Brekford files patent for distracted driving enforcement system


With the ever increasing use of cell phones and other electronic devices while driving recognized as a major contributor to crashes on the USA’s roadways, one of the country’s leading suppliers of public safety and automated traffic enforcement equipment is patenting a camera-based system that can enforce distracted driving offenses.

Headquartered in Hanover, Maryland, Brekford Corp has announced that it has filed a provisional patent application with the United States Patent and Trademark Office (USPTO) relating to the automated detection and photo enforcement of distracted driving violations. There are many forms of distracted driving, but text messaging and the use of handheld devices is the most concerning, since it requires visual, manual and cognitive attention from the driver.

According to the National Highway Traffic Safety Administration (NHTSA), 3,179 people were killed in 2014 and an estimated additional 431,000 injured in motor vehicle crashes involving distracted drivers. Police reports reveal that 404 people were killed as a result of cell phone usage; however, this is a difficult figure to assess, as many crashes do not have eyewitnesses to verify such activity. Many states have enacted laws to prohibit texting and/or use of handheld devices, and there is a recognized need to curb or eliminate the behavior.

Brekford’s proprietary technology includes innovative techniques that virtually eliminate windshield glare and enable the recording of clear images of distracted driving violations. Additional features include the detection of a cell phone signal within range of the camera unit, and high-resolution capture of the license plate for identification of the registered vehicle owner. Depending on the legal and operational requirements within a jurisdiction, the driver’s face may be optionally redacted on the printed citation. The system can be mounted to existing municipality infrastructure, such as poles, buildings or signage, and is completely self-sufficient, with wireless communication and solar power. When combined with red light and speed cameras, the company’s V-CapX1 EDD (Electronic Distracted Driving) camera serves to complement photo enforcement programs to capture a broad array of traffic violations, leading to a reduction in vehicle-related fatalities and injuries.

“As a public safety solutions provider first and foremost, our competitive advantage lies in the application of technology to specific voids in the market,” explained Rod Hillman, president and COO of Brekford. “Distracted driving has been a very difficult problem to tackle for law enforcement agencies, as it is difficult to devote resources to randomly search for violators. Aside from officers witnessing infractions during their normal patrols, there has not been an effective method to observe and record these violations as they take place. With the V-CapX1 EDD camera, we believe we have solved this problem, and we will be actively promoting this solution to agencies and public officials throughout the USA and Latin America, starting this year. As States begin to enact laws enabling the use of automated enforcement for distracted driving, we will be prepared to deliver our innovative solution to meet the ensuing demand. With this patent application, we hope to eventually receive a patent grant from the USPTO, which will protect the technology from duplication in the marketplace.”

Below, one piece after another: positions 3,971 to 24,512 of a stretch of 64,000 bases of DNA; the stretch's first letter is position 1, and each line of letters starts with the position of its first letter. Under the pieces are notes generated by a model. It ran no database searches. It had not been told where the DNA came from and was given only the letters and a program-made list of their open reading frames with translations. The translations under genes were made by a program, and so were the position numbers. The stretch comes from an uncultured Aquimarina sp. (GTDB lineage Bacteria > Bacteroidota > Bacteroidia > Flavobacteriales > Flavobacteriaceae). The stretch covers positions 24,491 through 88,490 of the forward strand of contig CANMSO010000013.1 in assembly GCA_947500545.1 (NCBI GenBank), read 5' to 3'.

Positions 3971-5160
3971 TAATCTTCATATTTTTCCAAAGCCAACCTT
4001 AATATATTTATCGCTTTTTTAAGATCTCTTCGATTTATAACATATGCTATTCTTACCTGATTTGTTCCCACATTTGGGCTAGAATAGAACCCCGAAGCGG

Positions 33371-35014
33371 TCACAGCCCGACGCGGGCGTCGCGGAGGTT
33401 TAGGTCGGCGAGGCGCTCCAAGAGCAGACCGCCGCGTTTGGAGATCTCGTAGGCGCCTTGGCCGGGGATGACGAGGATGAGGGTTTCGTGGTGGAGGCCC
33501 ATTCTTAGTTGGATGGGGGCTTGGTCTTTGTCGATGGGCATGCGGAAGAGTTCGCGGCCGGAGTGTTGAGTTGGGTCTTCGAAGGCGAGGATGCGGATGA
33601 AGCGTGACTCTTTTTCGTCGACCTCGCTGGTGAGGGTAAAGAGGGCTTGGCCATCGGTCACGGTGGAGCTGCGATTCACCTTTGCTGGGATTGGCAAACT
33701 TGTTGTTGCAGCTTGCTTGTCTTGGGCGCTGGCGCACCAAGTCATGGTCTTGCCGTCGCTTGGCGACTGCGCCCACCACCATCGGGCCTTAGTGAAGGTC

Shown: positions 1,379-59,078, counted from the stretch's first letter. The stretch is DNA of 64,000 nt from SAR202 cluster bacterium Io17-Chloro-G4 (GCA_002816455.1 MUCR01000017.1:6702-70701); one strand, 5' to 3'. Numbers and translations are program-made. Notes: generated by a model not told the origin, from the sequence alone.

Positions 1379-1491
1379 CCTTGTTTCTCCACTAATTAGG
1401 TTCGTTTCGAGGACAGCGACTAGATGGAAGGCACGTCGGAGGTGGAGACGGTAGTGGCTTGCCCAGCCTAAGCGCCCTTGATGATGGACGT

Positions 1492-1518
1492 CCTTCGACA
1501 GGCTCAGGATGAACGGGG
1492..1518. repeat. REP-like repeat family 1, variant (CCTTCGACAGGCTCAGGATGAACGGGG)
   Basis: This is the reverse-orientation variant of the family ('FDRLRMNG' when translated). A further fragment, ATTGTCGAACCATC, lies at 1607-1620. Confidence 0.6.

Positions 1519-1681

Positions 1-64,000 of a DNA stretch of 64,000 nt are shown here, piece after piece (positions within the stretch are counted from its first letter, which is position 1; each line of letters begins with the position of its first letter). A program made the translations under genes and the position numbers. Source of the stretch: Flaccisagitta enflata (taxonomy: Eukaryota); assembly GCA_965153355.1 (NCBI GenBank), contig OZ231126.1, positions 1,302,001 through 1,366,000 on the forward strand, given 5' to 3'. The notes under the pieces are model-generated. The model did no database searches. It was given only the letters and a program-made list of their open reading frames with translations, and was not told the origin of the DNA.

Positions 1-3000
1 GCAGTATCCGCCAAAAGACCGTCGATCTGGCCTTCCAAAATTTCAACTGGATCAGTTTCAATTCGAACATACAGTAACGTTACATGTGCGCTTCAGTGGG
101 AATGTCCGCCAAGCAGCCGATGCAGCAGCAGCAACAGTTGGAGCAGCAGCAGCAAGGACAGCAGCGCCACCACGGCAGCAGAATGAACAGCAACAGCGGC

Scott Rutherford, Brekford’s chief technology officer, commented, “We are continuing to explore innovative methods to enhance traffic safety for thße municipalities we serve. The V-CapX1 EDD photo enforcement camera, when combined with our acclaimed iP360 citation management software platform, provides an additional tool for police departments seeking to improve public safety, without diverting officers from their mission-critical objective of crime prevention. Electronic distracted driving, which typically involves the use of a handheld device for texting, reading email, or making phone calls, has become a major road safety problem for law enforcement agencies. We are pleased to present this new technology to our customers, enabling them to identify, capture and record EDD violations as they occur.”

Share this story:

About Author


Tom has edited Traffic Technology International (TTi) magazine and its Traffic Technology Today website since May 2014. During his time at the title, he has interviewed some of the top transportation chiefs at public agencies around the world as well as CEOs of leading multinationals and ground-breaking start-ups. Tom's earlier career saw him working on some the UK's leading consumer magazine titles. He has a law degree from the London School of Economics (LSE).